Fonterra placed on S&P credit watch following milk price forecast cut


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Fonterra placed on S&P credit watch following milk price forecast cut

Related tags Global dairy Global dairy market Milk

Fonterra has been placed on negative credit watch by ratings agency Standard and Poor's on the same day it announced plans to reduce its Global Dairy Trade (GDT) offering.

Earlier today, Standard and Poor's placed 'A' long-term and 'A1' short-term ratings on Fonterra's credit - a move the ratings agency said reflects weakening global dairy market conditions. 

“The CreditWatch placement reflects our concerns regarding potential weakness in Fonterra’s key financial metrics given its high debt levels at a low point in the global price cycle," ​said Brenda Wardlaw, credit analyst, Standard and Poor’s.

"This follow’s Fonterra announcement of a lower forecast milk price due to weak demand and surplus supply in the global dairy market," ​she said.

Fonterra last week slashed its farm gate milk price (FGMP) forecast for the 2015/16 season from NZ$5.25 to NZ$3.86 per kilogram of milk solids (kgMS) to account for the current "imbalance"​ in supply and demand. 

It also reduced its milk volume forecast to 1.568bn kgMS for the season – down 2% on 2014/15.

Responding to the Standard and Poor's announcement, Fonterra said it has "taken proactive and positive steps to maintain the financial strength of the Coop." 

“We have continued to exercise financial prudence and discipline in challenging times for dairy globally,”​ said Lukas Paravicini, chief financial officer, Fonterra.

For example, Fonterra said, it is working at "significantly reducing capital expenditure"​ and has set itself the target of spending between NZ$500m and NZ$600m less in FY 2016.

“These measures reinforce our sound financial position and are enabling us to provide support to our farmers during this difficult period of low global dairy prices,”​ said Paravicini.

GDT offering reduction

In a separate statement, Fonterra today announced it has reduced its Global Dairy Trade (GDT) volume forecast for the next 12 months by 56,045 tonnes.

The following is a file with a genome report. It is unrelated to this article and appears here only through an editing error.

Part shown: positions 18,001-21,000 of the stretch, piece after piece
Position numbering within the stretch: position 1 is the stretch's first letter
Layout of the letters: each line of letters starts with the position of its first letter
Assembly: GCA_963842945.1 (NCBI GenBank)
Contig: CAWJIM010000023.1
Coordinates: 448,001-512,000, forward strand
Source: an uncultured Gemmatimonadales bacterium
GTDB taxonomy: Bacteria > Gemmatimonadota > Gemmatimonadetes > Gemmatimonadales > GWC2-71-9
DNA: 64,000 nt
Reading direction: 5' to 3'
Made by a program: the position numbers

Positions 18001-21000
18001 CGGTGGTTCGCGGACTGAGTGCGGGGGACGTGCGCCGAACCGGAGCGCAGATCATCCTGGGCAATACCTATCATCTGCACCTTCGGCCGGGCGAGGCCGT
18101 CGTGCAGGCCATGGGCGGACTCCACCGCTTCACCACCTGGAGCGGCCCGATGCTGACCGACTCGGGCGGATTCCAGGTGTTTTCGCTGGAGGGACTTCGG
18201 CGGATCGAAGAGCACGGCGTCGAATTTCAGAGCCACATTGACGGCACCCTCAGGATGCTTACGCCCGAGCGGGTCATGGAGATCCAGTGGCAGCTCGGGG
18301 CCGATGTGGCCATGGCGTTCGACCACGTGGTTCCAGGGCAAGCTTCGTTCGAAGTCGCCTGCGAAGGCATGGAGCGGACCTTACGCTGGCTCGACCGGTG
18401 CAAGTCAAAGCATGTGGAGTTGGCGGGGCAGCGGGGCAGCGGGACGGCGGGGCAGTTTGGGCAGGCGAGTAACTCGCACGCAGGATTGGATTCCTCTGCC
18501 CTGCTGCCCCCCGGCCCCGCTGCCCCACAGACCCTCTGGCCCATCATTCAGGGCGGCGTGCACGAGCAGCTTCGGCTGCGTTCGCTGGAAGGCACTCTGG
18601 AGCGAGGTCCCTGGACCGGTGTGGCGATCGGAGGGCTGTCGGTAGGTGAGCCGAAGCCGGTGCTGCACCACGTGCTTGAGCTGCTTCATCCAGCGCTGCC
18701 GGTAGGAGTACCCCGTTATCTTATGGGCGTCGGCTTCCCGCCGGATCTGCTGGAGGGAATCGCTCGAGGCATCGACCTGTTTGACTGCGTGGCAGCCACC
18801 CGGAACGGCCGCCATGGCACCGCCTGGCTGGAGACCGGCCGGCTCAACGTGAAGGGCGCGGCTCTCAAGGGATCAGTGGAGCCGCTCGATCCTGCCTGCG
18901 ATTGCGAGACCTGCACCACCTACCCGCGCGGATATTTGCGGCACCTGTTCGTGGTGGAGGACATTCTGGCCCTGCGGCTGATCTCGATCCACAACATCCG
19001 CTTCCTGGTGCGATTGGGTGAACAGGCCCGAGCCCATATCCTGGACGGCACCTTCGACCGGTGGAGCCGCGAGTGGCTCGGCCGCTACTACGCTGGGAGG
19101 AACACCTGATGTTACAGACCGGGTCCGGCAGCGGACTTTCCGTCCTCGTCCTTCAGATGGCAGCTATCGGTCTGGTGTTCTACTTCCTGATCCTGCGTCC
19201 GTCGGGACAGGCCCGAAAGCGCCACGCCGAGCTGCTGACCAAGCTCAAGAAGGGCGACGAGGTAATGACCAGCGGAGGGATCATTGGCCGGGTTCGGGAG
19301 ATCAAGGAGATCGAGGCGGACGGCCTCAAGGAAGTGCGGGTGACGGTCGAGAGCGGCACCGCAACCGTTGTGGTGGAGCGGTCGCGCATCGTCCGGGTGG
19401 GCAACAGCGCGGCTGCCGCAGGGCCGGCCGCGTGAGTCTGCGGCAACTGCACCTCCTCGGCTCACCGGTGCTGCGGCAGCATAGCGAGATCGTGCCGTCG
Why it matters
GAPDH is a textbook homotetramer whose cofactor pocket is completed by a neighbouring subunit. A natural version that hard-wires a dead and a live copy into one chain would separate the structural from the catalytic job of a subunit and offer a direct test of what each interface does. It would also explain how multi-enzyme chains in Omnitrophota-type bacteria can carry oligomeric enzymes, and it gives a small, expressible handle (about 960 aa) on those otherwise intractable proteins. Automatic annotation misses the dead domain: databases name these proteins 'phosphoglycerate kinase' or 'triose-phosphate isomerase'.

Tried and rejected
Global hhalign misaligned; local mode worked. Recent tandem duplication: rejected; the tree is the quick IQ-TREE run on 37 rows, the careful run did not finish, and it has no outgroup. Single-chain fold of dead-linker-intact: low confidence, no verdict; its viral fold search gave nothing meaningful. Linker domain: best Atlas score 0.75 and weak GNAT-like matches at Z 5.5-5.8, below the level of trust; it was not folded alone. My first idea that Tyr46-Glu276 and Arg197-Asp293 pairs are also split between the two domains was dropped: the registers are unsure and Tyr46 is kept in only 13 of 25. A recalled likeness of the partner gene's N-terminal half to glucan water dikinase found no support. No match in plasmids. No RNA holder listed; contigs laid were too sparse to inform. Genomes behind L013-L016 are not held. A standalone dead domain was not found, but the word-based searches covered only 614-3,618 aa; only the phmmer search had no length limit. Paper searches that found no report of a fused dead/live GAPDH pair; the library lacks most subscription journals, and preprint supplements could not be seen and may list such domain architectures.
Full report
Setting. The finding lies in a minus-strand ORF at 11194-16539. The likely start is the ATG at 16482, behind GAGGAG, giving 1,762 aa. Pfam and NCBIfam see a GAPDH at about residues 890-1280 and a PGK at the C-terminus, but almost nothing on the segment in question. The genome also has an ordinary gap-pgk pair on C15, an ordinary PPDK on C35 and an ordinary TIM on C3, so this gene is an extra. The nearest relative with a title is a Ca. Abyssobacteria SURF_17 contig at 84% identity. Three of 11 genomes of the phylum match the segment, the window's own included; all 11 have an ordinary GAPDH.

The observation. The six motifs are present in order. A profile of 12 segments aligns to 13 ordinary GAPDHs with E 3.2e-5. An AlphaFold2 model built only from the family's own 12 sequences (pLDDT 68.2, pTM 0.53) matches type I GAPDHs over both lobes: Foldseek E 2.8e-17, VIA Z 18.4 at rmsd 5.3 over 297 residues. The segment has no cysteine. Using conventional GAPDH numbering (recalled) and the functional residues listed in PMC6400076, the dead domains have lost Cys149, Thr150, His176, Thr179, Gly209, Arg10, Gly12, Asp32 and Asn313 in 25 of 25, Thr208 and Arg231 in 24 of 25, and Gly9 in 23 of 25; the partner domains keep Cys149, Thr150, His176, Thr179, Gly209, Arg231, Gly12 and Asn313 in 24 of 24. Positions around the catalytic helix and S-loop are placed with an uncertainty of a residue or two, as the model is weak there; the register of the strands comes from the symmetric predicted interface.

It plans to cut its offering over the next three months by 62,930 tonnes, but will add on 6,885 tonnes later in the year "in anticipation of changing market conditions."

“In response to current conditions in the global dairy markets, we have further modified our product mix to shift volumes away from base whole milk powder (WMP) and into our other products in our portfolio such as value-add ingredient, consumer and foodservice,”​ said Kelvin Wickham, managing director of global ingredients, Fonterra.

Earlier this month, Fonterra dismissed calls for the GDT auction – established by the New Zealand dairy giant in 2008 - to be suspended after a tenth consecutive fall in prices.

The GDT Price Index – a weighted average of the percentage changes in prices – fell 9.3% after a bi-monthly auction on August 5.

Days later, on August 7, it was announced that US dairy giant Land O'Lakes had formally withdrawn from the auction platform. 

“We understand the reasons for Land O’Lakes decision and we would certainly welcome them back in future should they wish to utilise our service,”​ said Eric Hansen, director, GDT.

Land O'Lakes joined GDT as a seller in March 2014 offering skim milk powder (SMP), but had not offered product for more than six months.

In April, it was announced German dairy Molkerei Ammerland had withdrawn from selling product on the GDT platform. 

Seven sellers - Amul (India), Arla Foods (Denmark), Arla Foods Ingredients (Denmark), DairyAmerica (USA), Euroserum (France), Fonterra (New Zealand) and Murray Goulburn (Australia) - continue to offer commodity dairy products, including anhydrous milk fat (AMF), butter, cheddar, lactose, SMP and whole milk powder (WMP).

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